With the front bodywork plug nearing its final form it was time to start the process of coating it with a high gloss paint and starting the mould creation process. The purpose of this step is to make the surface as smooth and hard as possible to make sure that the fibreglass laid over the top for the mould creation doesn’t stick to it. The blue layer in the images below is a PVC releasing agent that further improves the chance of the fibreglass not sticking to the plug and destroying everything.
Next step is the gelcoat, which is a spray-on layer that creates a smooth surface as the inside of the mould. The gelcoat is designed to stick to the fibreglass of the mould laid over the top of it.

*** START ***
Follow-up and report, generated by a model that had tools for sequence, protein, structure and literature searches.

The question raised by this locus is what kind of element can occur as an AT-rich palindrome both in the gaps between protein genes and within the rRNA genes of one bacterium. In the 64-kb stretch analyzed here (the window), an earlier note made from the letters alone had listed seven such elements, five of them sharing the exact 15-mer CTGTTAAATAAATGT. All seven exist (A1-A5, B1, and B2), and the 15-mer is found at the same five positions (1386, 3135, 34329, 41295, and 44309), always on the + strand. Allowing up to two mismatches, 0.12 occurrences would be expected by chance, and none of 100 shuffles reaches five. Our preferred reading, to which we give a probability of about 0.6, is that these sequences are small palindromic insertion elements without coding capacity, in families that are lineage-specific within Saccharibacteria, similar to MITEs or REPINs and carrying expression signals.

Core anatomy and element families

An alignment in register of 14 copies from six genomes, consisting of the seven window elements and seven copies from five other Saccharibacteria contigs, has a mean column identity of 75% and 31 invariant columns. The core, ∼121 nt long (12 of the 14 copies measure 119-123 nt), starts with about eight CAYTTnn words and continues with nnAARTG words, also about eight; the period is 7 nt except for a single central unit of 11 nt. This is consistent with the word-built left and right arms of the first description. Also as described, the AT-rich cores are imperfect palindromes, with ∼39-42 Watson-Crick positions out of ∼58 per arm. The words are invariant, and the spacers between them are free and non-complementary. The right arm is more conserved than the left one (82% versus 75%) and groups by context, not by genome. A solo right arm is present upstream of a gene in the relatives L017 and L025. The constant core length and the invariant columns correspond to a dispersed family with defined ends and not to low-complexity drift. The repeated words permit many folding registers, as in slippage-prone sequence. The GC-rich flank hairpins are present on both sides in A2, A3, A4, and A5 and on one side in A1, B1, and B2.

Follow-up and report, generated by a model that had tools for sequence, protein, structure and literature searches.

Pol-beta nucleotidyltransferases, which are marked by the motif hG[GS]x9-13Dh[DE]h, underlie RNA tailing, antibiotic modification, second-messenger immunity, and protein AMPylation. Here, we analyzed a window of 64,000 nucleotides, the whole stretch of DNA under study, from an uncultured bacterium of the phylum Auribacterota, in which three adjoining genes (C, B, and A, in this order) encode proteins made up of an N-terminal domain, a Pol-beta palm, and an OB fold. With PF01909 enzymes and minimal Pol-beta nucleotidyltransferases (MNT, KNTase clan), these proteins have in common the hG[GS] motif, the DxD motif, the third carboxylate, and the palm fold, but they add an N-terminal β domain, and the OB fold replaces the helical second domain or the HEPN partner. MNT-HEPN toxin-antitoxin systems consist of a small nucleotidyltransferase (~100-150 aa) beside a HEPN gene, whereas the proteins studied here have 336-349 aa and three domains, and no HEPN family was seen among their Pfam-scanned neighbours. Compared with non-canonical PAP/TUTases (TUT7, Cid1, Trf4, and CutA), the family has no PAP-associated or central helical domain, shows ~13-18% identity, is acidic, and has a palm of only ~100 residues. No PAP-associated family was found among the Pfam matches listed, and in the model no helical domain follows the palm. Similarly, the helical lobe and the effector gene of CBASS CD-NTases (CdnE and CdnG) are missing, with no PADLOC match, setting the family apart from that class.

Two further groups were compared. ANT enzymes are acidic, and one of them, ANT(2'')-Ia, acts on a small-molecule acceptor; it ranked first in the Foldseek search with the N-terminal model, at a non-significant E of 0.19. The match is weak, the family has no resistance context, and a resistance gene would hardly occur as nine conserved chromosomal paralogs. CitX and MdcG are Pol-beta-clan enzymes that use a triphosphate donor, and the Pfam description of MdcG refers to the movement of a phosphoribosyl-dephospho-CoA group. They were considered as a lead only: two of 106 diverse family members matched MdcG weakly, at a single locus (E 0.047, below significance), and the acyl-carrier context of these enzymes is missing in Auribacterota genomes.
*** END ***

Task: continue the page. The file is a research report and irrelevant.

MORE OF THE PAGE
Once the gelcoat is cured appropriately fibreglass is laid over the top.
Once the glass has cured properly the moment of truth arrives when it’s time to separate it from the underlying bodywork plug. If you’re a genius like Will from Joe Bradley Fibreglass the result looks like this, with the gelcoat that forms the inside of the mould separating from the high gloss plug perfectly at the PVC release layer:
Once you’ve got a mould the next step is to wax it thoroughly to allow the fibreglass that you’re going to lay in it for the actual panel to release. After that the mould is coated with another coat of gelcoat (grey this time) and the glass is laid up and allowed to cure.
And then all going to plan, finally you pull out a perfect body panel!
Ready to test fit on the car.
Thanks for looking. dan.